The Nation on Rediscovering Secular America July 4, 2009

The Nation on Rediscovering Secular America

Atheists get some wonderful press in the most recent edition of The Nation.

Editor Katrina vanden Heuvel writes about “Rediscovering Secular America” and the Secular Coalition for America is at the center of the piece:

Within a week the Coalition approached Obama. They let him know they had never been part of that “list” [of belief systems] before — never had had a seat at the table — and they would appreciate it if he would continue to include them whenever appropriate.

Obama agreed and remained true to his word. And then came the moment approximately 50 million Americans — who identify themselves with terms like agnostic, atheist, materialist, humanist, nontheist, skeptic, bright, freethinker, agnostic, naturalist, or non-believer — will never forget. In his inauguration speech, Obama said, “…Our patchwork heritage is a strength, not a weakness. We are a nation of Christians and Muslims, Jews and Hindus, and non-believers.” Two weeks later he talked about “non-believers” and “humanists” at the National Prayer Breakfast.

[Secular Coalition Advisory Board Chair Woody] Kaplan gives a sense of both the historical and personal significance of Obama’s words.

“The shock came at the inaugural speech — arguably the biggest speech a President ever makes — and he listed us there” he says. “And he’s continued to do that — he mentioned us twice at Notre Dame. And then he did it [this month] in Normandy. I can’t tell you what a pariah group feels about those statements. For the first time we have a seat at the table. We’re not thought of, evidently, as automatically unethical.

As the Coalition continues to carry out its mission of increasing the visibility of — and respect for — nontheistic viewpoints, and protecting the secular character of our government, it seems to be moving forward with great confidence. This comes as no surprise, given the fact that there are now more nontheists in America than Methodists, Lutherans, Presbyterians, Episcopalians, Mormons and Jews combined, and the organization itself has made huge strides.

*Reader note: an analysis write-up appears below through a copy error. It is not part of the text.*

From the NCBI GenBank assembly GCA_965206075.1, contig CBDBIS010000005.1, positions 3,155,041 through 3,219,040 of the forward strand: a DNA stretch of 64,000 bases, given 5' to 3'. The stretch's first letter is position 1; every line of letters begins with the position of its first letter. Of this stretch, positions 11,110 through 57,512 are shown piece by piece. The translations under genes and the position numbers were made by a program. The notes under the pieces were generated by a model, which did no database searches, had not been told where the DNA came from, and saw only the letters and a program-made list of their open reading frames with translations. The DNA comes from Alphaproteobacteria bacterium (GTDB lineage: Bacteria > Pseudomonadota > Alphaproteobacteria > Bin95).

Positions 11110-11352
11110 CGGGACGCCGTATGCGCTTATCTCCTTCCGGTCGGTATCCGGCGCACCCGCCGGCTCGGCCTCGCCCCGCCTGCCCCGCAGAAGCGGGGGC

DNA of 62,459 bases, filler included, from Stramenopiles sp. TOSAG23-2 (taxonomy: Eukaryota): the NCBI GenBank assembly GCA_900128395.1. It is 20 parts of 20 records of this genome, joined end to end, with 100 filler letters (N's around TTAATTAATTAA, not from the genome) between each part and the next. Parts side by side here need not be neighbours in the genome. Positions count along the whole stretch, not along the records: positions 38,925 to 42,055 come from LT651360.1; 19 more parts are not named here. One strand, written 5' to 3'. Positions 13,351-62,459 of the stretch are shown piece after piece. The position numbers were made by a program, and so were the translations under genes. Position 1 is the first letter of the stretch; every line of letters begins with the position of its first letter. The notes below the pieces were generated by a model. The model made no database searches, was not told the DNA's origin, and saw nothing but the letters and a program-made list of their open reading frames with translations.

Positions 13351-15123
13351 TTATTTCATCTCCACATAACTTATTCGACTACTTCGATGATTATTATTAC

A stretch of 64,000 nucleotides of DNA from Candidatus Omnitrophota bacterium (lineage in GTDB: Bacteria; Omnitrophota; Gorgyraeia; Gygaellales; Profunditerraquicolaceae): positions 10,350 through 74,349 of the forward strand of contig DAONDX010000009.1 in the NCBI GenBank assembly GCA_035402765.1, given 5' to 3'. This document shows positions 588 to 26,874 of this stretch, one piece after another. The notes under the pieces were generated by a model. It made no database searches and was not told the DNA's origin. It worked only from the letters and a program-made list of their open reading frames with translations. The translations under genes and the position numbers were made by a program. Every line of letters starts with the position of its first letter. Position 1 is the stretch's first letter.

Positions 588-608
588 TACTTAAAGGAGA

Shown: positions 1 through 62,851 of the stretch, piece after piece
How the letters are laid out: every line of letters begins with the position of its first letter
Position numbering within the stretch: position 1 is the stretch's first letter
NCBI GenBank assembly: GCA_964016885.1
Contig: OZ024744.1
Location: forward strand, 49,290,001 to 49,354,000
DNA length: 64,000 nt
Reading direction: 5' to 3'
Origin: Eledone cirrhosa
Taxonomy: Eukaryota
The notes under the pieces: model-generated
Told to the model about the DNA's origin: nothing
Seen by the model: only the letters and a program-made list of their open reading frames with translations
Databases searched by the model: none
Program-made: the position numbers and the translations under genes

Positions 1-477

And because it’s the group I work most closely with, I have to point out my favorite part:

The Coalition described the “full spectrum of nontheists it represents” within its nine member organizations. (Now ten, with the recent addition of American Atheists). Among those organizations are the Society for Humanistic Judaism, Military Association of Atheists and Freethinkers, and the American Humanist Association. The Obama Administration expressed particular interest in reaching out to the Secular Student Alliance. The Coalition also addressed some of the issues of greatest concern to nontheists, including coercive religious proselytizing in the military, faith-based initiatives, and employment discrimination.

And interested they were! I spoke to Associate Director of Public Engagement Paul Monteiro earlier this week to talk about the students the SSA represents, the type of work our groups do (including community service), and how we can work with the administration (in a non-partisan way) in the future.

What a fantastic, uplifting article for atheists and the “movement” as a whole.

A perfect way to begin Independence Day 🙂

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What Are Your Thoughts?leave a comment
  • Sing it with me…… gOd less America…

  • Great find, Hemant! You always highlight really good articles for us, and that is a great read on a very boring morning here at work!

  • Tom

    Yay! I love this magazine, and I love the article

  • blackskeptic

    Nonreligious does not automatically mean nontheist. What part of that do people not understand? I’m all for rediscovering secular America, but I’m against hyperinflating our numbers and pretending that there are more of us than there really is.

  • This is so wonderful! 🙂

  • This kind of article is why I like FA. Thanks for sharing it, Hemant.

  • Anonymous

    I’m all for rediscovering secular America, but I’m against hyperinflating our numbers and pretending that there are more of us than there really is.

    I agree blackskeptic, but you have to understand that there is an agenda behind organized atheism, and that one should only tell the truth when it helps that agenda. Or so I infer from prevalent willful ignorance, since the difference between “None of the Above” survey takers and atheist survey takers is often noted in articles by Christian reporters.

    Some apparently value publicity much more than they value credibility. To fend off attackers certain birds will open their features as widely as possible to create the illusion that they are much bigger than they really are. I think we’re seeing the same phenomenon here, but more for self-promotion than defense.

    I would no more expect honesty from a push group about the size of its entourage than I would expect Joe Jackson to stop plugging his album when talking about Michael Jackson’s death.

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